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Ah, la Shirley. Smoky-voiced, sensual, Shirley Eikhard has the full low tones of Sarah Vaughn and the bold spiritedness of Cleo Laine. Not only is her singing emotionally powerful, but, unusually enough, she wrote the songs that serve as its vehicle here. They range from intimate bossa nova ("Desperately") to up-tempo jazz ("Nothin' Like Love," "Crazy from the Heat") to smoky, bluesy torch ballad ("About Last Night") to time-twisting explorations ("Easy Sailin'" and the funky "A Little Fun").
Nor is that all. The bittersweet ballad "Emily Remembers" is a heart-rending story of an Alzheimer's victim; it approaches folk territory in instrumentation (guitar) and feel - and in the topicality of its subject matter. "Disciples of Cain" contains a similarly wrenching lyric, this time about abuse. Folk traces appear again on "If We Had Never Met" and the harmonica(!)-based "Going Home."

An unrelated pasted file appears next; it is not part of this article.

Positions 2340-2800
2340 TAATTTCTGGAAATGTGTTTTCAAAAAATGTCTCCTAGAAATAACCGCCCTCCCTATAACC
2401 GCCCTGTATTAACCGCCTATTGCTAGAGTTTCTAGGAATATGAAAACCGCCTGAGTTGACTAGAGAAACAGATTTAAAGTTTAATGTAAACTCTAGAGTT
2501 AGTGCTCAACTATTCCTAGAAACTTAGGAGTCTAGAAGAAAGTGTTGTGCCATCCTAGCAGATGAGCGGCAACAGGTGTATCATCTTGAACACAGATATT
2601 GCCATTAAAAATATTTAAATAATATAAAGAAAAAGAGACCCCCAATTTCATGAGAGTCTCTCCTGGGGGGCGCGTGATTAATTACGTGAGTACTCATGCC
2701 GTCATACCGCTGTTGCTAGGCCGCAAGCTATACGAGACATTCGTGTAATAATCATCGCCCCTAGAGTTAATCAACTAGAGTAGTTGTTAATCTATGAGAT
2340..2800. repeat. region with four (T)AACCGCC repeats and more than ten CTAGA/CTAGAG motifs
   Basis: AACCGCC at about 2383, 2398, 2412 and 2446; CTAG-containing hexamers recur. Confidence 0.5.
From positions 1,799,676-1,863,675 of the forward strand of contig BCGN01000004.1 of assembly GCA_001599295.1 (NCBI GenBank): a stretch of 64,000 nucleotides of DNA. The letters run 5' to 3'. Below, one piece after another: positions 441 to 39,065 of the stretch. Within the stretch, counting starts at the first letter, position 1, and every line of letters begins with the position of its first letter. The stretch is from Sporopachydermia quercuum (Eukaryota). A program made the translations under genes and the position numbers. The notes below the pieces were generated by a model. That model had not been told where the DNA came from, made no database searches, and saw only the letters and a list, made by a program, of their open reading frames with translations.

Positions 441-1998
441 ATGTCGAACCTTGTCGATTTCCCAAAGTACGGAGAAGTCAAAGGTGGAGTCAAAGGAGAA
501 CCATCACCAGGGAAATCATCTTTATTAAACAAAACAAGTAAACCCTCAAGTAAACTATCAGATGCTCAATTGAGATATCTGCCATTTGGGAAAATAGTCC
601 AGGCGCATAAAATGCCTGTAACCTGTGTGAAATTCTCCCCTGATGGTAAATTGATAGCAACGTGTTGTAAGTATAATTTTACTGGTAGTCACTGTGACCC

Ed Bickert plays a respectful, understated guitar, ably setting off Eikhard's subtly passionate voice. Marcus Printup contributes some stellar trumpet to "Disciples of Cain" and "Nothin' Like Love." Mike Murley's bluesy sax enlivens "About Last Night." Also on hand are Bob Erlendson (piano), George Koller (bass), and Mark Kelso (drums).
No fan of jazz vocals should miss Shirley Eikhard!
I love jazz because anything is possible; it has few rules and the best jazz breaks those ones. I prefer free improv because it doesn't really have any rules at all.
I was first exposed to jazz in my teens (in the late sixties).
The first jazz record I bought was Filles de Kilimanjaro by Miles Davis, shortly followed by Extrapolation by John McLaughlin.
My advice to new listeners is to listen as widely as possible and not to make snap judgments--stick with it.